Incidentally that Staff must be the most inefficient body of bloody boobs ever told to do a job which is really quite an important one. 75% of them are on guns which they haven't the slightest idea how to use. They are never given instructions, the posts are never inspected, their uniforms & boots are disgustingly dirty, they wear odd scarves & gloves & sometimes no ties. The other day a Corporal visited a post. At least one member of the crew should always be on the lookout but instead some were asleep & the others all writing. When the Camp Patrol is on duty at night time the guards call into gun posts for cups of tea & a chat instead of marching up & down the 'drome boundaries. When the guard changes, all the patrols congregate at a central point in the camp thus leaving the whole camp & 'drome unpatrolled while the changing of the guard takes place. Ursula, it is so inefficient that I am thoroughly ashamed to be a part of it. Yesterday four of the guns were taken away & are not to be replaced for some days, but the posts are still manned by 4 fellows per post for 24 hours a day. Incredible isn't it? I had better stop or I shall start getting angry with you too – my dearest.
Last night Bowack & I went down to Grantham just to get out of the place. We went to a flick – Return of the Frog – but it wasn't worth the 1/2d which the seat cost. A London Angus member had a small part in it, David Kerr who went to school with my Father – you may have met him. After the show we had a modest meal - welsh rarebit & coffee. It was delightful to have something nicely served & such a contrast to the canteen here where there is plenty of food but it is thrown at one. Unfortunately the jaunt cost me 3/- altogether – 2 days pay! My finances are in a lousy condition & I pray that my appeal for funds won't fall on deaf ears. If we were busy, I shouldn't spend so much but with all this idleness I have spent a fortnight's pay (£1) in a week. It has got to stop. Darling – my eyes are tiring & I will cease fire for the night. I long for a letter from you in the morning – I really am longing for it. Goodnight my dear – lots of love, John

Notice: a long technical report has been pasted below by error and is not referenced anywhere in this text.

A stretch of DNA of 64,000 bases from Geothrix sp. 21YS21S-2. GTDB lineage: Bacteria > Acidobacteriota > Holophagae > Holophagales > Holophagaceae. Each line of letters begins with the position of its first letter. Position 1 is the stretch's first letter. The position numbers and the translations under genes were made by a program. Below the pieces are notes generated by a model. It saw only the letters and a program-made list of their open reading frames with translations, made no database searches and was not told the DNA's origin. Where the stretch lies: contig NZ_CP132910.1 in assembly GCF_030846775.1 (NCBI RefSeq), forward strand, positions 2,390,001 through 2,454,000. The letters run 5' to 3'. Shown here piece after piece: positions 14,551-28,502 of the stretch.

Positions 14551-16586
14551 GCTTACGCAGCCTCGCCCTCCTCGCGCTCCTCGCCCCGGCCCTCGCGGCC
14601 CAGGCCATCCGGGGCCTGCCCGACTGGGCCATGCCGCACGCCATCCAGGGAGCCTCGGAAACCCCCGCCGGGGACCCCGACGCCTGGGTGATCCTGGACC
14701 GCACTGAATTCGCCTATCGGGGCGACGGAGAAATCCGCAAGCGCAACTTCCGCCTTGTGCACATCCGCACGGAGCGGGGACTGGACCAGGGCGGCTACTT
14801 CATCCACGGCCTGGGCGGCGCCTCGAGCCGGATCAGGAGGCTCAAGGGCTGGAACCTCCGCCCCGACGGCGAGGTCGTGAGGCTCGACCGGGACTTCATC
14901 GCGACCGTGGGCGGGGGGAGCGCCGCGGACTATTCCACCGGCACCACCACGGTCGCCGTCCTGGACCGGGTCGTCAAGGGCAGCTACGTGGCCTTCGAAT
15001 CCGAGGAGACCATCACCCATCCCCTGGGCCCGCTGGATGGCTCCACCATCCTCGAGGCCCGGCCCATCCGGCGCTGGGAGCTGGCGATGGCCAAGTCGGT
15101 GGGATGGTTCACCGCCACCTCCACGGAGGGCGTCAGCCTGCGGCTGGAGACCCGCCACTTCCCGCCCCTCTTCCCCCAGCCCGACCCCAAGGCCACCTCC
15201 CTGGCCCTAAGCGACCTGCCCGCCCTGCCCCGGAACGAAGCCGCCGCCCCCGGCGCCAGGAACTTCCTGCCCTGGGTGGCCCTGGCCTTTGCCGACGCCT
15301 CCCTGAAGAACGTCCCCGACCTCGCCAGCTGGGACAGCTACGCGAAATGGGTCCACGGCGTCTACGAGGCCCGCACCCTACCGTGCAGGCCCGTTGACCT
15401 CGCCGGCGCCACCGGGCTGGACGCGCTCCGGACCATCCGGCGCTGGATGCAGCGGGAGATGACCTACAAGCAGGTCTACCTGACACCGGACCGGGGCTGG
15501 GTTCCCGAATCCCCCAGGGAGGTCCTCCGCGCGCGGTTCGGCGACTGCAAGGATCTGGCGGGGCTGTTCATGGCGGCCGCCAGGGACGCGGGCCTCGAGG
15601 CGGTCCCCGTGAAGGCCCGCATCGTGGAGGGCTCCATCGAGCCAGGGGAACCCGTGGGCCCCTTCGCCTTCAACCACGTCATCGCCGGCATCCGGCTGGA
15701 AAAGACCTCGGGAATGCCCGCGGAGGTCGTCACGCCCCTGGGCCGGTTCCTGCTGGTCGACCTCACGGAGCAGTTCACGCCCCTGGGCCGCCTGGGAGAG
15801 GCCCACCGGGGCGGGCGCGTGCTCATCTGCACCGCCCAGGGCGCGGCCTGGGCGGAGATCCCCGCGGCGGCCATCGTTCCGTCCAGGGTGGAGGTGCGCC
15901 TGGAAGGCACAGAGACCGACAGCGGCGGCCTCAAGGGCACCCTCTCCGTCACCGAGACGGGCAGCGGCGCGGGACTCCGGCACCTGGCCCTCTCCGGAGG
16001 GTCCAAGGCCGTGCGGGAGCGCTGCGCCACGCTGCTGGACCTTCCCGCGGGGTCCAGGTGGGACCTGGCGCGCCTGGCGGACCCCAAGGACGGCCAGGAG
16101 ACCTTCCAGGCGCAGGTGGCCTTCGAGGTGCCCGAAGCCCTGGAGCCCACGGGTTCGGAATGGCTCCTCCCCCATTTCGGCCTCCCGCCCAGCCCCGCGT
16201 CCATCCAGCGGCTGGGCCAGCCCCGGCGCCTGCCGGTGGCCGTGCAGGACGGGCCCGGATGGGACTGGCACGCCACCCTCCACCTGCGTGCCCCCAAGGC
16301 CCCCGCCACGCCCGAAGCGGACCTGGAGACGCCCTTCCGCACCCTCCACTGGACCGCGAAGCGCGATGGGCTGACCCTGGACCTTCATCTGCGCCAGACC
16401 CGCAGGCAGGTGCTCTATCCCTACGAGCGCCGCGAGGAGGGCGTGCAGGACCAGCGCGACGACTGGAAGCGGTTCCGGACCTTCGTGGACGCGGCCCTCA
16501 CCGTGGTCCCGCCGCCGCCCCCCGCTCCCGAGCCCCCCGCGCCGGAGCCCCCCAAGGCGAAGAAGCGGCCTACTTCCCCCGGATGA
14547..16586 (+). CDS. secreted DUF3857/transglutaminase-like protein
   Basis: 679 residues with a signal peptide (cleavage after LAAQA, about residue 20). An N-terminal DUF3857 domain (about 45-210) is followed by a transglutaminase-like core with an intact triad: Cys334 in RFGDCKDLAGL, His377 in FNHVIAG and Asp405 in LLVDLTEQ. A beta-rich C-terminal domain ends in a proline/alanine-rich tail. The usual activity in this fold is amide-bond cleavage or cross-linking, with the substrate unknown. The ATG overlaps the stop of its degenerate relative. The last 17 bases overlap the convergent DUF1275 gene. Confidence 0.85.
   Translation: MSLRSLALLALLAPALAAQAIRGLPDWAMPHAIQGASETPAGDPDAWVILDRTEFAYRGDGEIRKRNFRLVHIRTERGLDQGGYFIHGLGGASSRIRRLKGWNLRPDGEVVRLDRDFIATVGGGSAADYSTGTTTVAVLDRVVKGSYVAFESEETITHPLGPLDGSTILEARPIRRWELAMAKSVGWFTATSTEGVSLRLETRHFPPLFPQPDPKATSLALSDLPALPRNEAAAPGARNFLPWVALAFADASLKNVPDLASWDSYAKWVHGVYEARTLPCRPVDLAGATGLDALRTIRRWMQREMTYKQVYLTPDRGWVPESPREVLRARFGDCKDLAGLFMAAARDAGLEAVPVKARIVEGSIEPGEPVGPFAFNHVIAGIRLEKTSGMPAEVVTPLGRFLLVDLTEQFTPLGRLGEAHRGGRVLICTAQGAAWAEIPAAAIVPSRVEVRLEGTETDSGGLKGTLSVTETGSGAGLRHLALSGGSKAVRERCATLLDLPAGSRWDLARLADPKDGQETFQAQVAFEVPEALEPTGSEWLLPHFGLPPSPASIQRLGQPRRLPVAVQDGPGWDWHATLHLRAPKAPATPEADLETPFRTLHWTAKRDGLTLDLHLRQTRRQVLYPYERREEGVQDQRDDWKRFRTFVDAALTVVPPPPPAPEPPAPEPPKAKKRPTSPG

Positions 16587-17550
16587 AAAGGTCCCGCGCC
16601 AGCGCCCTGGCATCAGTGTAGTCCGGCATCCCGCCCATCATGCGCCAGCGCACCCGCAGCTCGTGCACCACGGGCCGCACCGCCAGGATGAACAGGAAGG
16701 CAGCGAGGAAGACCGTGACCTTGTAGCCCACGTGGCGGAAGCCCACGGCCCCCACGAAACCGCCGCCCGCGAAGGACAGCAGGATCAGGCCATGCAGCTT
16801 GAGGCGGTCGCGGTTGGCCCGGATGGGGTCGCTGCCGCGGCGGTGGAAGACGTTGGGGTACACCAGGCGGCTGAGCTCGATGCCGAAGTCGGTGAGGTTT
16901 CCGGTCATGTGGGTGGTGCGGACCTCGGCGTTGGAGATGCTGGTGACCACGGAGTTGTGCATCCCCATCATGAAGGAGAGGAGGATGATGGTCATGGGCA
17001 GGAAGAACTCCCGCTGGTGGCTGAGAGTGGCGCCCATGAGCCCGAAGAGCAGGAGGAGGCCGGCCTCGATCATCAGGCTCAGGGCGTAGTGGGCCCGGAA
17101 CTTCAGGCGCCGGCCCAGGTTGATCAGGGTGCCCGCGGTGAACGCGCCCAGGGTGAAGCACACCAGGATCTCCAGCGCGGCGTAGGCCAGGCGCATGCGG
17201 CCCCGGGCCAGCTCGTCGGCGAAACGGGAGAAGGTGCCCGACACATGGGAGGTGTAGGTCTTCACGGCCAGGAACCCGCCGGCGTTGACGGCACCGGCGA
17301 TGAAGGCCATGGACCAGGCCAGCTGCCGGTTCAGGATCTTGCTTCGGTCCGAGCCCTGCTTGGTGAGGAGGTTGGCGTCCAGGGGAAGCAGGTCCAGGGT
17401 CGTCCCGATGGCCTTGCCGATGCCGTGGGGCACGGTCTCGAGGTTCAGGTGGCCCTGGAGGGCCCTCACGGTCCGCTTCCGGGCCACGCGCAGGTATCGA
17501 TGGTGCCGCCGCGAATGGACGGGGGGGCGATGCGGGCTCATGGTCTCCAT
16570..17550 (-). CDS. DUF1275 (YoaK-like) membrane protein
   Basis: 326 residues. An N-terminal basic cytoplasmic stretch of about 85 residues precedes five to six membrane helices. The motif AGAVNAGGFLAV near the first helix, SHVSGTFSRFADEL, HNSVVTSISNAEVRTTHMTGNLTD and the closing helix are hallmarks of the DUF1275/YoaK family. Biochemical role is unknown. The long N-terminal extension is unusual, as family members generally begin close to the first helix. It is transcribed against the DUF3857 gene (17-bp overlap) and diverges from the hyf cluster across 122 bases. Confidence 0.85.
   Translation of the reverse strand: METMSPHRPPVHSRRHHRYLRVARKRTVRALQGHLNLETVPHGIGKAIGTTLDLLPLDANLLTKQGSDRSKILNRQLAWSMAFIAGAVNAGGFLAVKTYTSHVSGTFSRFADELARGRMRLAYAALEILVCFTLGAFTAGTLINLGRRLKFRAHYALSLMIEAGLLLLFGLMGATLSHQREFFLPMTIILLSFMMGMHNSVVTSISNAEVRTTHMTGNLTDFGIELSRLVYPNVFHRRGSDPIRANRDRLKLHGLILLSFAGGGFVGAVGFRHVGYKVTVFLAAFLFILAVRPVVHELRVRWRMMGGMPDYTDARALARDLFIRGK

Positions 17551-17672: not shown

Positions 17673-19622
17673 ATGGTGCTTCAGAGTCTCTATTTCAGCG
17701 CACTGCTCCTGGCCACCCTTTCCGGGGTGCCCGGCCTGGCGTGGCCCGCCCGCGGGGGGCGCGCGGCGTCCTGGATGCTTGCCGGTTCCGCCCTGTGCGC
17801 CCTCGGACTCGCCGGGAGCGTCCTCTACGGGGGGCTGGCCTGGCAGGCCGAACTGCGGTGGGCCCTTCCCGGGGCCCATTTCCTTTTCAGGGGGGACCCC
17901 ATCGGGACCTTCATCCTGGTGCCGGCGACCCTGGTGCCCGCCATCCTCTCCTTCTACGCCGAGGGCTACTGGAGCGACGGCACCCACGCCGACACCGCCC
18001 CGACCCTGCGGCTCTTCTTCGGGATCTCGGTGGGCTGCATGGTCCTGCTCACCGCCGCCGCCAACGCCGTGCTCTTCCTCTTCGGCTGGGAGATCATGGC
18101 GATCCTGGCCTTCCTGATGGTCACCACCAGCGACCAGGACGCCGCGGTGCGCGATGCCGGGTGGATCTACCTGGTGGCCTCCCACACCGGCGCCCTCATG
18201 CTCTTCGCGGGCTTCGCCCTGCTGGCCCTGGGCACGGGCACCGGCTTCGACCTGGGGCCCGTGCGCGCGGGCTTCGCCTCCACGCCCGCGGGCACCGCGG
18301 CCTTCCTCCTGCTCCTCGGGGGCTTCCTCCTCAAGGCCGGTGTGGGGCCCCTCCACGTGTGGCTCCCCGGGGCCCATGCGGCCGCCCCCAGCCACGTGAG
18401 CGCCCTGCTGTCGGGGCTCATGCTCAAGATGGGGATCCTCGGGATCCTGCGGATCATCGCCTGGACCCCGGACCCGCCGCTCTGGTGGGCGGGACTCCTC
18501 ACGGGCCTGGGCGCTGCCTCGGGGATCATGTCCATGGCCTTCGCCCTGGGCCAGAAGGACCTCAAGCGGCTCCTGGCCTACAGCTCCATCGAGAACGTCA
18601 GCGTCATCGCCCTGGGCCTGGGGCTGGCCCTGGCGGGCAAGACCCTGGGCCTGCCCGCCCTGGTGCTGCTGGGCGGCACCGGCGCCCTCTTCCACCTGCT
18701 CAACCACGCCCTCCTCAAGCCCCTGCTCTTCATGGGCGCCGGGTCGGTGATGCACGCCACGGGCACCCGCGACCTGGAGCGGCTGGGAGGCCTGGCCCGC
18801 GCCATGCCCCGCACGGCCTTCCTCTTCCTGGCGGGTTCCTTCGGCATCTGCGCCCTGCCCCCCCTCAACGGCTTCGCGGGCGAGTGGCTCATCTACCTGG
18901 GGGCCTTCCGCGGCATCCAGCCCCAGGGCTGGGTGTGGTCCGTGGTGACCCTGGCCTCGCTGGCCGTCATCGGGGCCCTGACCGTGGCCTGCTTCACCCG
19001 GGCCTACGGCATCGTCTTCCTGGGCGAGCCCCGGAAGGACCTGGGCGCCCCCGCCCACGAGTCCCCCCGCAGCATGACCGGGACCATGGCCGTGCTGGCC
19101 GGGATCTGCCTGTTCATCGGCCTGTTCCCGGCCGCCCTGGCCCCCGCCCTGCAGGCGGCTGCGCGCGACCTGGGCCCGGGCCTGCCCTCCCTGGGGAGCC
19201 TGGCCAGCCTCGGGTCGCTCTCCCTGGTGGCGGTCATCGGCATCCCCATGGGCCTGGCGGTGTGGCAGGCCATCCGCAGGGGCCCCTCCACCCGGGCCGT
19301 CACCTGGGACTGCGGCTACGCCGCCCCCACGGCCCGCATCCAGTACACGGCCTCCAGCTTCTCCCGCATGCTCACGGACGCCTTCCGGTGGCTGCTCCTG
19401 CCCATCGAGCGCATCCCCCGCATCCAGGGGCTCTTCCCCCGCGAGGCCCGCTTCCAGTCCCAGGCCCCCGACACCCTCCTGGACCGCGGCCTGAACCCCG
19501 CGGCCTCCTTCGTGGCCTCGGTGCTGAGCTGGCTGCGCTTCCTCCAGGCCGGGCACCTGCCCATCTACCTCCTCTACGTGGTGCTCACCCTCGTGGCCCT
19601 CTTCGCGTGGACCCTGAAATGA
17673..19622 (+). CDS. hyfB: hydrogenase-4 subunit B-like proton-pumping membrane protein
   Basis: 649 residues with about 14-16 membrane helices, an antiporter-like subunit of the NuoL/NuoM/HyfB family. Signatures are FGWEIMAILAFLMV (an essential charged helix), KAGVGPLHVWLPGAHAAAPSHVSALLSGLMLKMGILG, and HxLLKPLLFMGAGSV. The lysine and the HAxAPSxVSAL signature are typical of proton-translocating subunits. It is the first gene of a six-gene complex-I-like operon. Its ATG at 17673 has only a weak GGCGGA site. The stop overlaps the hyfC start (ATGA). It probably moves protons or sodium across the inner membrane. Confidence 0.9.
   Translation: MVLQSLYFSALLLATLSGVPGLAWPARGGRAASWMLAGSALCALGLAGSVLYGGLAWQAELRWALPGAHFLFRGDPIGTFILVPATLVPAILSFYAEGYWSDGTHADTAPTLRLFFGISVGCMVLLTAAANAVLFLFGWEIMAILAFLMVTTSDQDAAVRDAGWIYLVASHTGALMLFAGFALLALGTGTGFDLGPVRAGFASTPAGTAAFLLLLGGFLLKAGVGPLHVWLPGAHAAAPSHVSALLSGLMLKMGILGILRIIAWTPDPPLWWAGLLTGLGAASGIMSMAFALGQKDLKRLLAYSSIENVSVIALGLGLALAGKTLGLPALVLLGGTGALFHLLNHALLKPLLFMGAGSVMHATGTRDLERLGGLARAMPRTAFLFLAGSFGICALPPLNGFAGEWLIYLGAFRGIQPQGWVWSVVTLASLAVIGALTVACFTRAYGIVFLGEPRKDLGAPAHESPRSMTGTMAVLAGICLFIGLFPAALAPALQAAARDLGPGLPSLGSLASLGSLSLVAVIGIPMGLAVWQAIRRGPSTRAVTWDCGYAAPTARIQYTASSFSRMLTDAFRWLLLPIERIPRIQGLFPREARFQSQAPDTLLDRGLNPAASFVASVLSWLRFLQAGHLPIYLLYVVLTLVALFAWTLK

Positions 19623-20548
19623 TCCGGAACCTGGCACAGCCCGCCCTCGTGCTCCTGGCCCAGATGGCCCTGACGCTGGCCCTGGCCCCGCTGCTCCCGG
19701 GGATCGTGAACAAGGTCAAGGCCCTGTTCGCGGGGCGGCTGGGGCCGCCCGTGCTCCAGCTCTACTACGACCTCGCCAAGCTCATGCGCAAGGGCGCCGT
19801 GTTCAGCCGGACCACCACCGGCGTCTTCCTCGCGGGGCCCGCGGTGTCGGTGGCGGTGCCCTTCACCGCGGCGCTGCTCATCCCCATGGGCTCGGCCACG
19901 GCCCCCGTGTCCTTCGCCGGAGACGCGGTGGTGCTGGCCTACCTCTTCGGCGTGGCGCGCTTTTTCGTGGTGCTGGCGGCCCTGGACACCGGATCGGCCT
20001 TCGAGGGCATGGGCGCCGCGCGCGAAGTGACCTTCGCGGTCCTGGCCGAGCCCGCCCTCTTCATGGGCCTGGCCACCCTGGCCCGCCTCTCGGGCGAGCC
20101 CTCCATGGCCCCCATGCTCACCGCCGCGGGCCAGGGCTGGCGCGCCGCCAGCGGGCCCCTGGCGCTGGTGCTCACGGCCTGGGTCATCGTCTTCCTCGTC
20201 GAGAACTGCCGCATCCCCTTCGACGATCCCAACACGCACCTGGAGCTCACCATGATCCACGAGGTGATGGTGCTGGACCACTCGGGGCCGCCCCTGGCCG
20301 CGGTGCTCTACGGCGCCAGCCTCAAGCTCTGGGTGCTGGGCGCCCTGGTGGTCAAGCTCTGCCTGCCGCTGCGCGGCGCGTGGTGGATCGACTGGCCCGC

Thursday 5/12/40 My dearest Ursula, Your hoped for letter did not arrive this morning & I was terribly disappointed, but I expect that the post office is chiefly to blame for the delay. There is, too, the consolation that I will have a letter tomorrow. Today has been a fairly interesting one for we have spent the whole of it having a lecture on the Lewis Gun, interrupted only by a full scale Gas practice this morning & an Air Raid warning this afternoon. For some extraordinary reason, I have yet to do a duty on Camp patrol or at a gun post. All the other fellows have now done one duty, & some have even done two but my name hasn't been called at all. I must admit that I am not at all keen to be up all night patrolling the 'drome or to spend 24 hours in a remote corner of it sitting in a turf dug-out or spending my off hours sleeping in a tent so I am not going to point out to my superior officers that as yet I haven't done a single stoke of my real work yet.